How to stop breastfeeding: A handy guide to weaning

How to stop breastfeeding: a handy guide to weaning | Mum's Grapevine

It’s been quite the journey, and now breastfeeding your little milk monster is down to just one or two feeds, most likely just for comfort.

At some stage, the breastfeeding story does come to an end. Whatever the reason behind weaning, there’ll be a transition period for both you and your child, and a bit of adjustment for you both. So we asked our lactation consultant, Lynne-McKensey Hall to walk us through the best way to stop breastfeeding.

“The end of the breastfeeding story”: The title implies to me that while your baby might be happy to keep going, the breastfeeding is pretty much down to the odd one or two which are quick and more for a cuddle than a real need for food. So here is how to help your child with the end of your breastfeeding journey.

1. Use a cup

I’m a big fan of cups with straws that babies can generally use from about four months of age with water (or milk) so they don’t need to transition to a bottle. However, having a drink bottle can also be useful. Having the cup on hand is a very useful tool to distract a baby from breastfeeding.

2. Be prepared

Have food ready so that when you would be breastfeeding – you have interesting food they really love, ready to go. This distracts the baby and fills their tummy and lessens their interest in you. Have the cup with water handy to quench thirst at the same time.

3. Distraction is key

I watched our grandson lose the last feed he had before bedtime. He was fed in his high chair with the cup handy. He would then have a bath and a story and a cuddle and be given a bottle of warm water with his dummy to go to bed. Anytime he looked as if he wanted a breastfeed, we distracted him as quickly as we could.

Blueberries were and still are his favourite fruit and I happily admit to having lots on hand to help with the distraction. As a one-year-old, he didn’t need the breastfeed replaced with formula or cow milk and warm water in a bottle worked well.

4. Provide other comforts

His dad did the first few nights and if you have someone else who can replace you at this time it can be helpful. There were no tears as daddy stayed with him in the dark until he settled to sleep. After a few days, our daughter was able to put him to sleep without breastfeeding.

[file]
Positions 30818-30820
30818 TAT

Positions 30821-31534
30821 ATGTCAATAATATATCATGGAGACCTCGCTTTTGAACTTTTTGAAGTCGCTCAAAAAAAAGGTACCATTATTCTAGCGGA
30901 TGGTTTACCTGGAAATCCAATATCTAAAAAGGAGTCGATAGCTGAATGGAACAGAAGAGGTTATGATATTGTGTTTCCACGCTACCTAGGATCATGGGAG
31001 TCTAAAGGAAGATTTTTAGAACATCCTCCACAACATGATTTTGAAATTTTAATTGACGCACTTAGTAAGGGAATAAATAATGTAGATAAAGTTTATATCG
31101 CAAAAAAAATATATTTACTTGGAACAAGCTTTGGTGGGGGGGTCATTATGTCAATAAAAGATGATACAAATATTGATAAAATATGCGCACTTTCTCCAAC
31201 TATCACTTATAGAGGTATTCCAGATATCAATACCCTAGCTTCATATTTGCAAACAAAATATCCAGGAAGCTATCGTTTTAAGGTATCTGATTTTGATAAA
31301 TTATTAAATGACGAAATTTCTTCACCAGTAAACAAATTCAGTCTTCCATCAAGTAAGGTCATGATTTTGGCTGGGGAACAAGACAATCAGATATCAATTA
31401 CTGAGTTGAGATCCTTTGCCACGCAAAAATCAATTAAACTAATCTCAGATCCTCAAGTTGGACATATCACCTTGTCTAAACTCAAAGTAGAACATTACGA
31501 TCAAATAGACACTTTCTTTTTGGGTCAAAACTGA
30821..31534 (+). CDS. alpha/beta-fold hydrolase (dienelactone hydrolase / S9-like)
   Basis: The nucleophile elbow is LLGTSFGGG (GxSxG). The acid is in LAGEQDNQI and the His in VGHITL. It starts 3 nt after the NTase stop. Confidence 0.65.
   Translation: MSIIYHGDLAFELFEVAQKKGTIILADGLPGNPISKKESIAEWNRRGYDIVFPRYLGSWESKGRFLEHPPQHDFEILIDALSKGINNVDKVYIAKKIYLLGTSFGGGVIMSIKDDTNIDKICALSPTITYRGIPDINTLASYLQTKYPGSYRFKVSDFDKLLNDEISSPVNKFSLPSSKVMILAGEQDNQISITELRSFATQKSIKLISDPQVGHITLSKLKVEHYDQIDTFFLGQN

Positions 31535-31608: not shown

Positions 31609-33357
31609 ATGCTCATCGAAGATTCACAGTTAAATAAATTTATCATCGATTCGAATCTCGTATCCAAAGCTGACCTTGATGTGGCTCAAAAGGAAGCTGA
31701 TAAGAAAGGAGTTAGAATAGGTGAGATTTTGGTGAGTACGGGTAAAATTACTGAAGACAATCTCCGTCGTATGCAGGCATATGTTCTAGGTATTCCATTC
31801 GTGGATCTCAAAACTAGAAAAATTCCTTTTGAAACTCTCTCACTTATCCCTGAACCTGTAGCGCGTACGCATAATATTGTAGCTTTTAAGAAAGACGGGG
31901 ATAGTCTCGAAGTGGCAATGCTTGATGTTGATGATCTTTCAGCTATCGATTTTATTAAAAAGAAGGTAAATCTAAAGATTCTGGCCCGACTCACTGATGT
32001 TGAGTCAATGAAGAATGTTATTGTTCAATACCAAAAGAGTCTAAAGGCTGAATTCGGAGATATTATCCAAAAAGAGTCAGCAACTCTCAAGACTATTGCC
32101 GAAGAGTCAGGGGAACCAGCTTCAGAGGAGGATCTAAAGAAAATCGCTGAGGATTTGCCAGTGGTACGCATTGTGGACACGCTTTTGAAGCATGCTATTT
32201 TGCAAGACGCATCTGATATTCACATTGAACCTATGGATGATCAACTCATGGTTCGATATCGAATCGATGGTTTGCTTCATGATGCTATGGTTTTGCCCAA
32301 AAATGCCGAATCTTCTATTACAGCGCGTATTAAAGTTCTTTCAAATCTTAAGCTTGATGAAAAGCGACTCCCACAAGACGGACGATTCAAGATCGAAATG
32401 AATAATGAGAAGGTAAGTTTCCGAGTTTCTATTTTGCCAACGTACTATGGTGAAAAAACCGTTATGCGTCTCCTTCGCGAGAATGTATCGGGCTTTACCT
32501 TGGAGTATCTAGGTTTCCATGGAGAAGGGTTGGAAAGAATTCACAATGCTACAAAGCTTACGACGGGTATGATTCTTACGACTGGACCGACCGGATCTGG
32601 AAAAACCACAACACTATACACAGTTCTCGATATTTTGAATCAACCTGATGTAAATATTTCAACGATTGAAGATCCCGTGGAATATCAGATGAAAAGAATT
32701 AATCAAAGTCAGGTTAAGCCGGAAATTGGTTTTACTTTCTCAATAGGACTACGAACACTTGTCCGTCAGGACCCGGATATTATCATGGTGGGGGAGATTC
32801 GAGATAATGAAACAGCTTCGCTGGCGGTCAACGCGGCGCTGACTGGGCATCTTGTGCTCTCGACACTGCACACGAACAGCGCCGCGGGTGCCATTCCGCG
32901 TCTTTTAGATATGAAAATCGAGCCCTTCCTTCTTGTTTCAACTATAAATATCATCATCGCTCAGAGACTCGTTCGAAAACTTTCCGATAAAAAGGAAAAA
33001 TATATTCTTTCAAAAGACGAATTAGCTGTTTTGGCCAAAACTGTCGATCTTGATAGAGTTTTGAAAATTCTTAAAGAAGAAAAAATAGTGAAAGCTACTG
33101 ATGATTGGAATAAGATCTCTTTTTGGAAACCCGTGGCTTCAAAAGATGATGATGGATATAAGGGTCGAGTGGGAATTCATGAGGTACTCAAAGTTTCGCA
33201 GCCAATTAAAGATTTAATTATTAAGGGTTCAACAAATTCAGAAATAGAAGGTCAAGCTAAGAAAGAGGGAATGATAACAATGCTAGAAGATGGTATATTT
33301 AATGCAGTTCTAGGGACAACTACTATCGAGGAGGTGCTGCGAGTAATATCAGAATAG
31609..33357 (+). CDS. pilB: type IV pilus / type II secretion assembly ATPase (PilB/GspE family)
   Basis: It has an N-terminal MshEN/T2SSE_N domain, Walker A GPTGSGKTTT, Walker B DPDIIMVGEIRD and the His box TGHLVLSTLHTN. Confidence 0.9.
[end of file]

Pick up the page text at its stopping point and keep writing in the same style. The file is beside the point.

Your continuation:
There were a couple of glitches and he did have a couple of feeds if and when he got very upset but I think that was more because he was a little later than usual eating and going to bed and became overtired.

5. Slowly does it

If you do have a couple of feeds that need to be stopped, I suggest going with the one you think will be the easiest to drop first. The fewer tears and anxiety with this feed can make it easier to drop the next feed.

I hope it goes easily for you. Keep everything calm, lots of favourite food or toys to distract your little one, something to take to bed either a bottle/cup/dummy – anything that makes it easy and tear-free. It can take a few nights and maybe longer than a week but lots of cuddles and another pair of hands to help you as much as the baby is always worthwhile if you can.

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Lynne-McKensey Hall is an internationally certified Lactation Consultant (IBCLC) working as Lactation Consultant and Endorsed Midwife in Sydney. She specialises in antenatal breastfeeding and birth classes and ongoing breastfeeding support. She consults via Better Beginnings in-home, in her clinic and via Skype or FaceTime anywhere in Australia or overseas.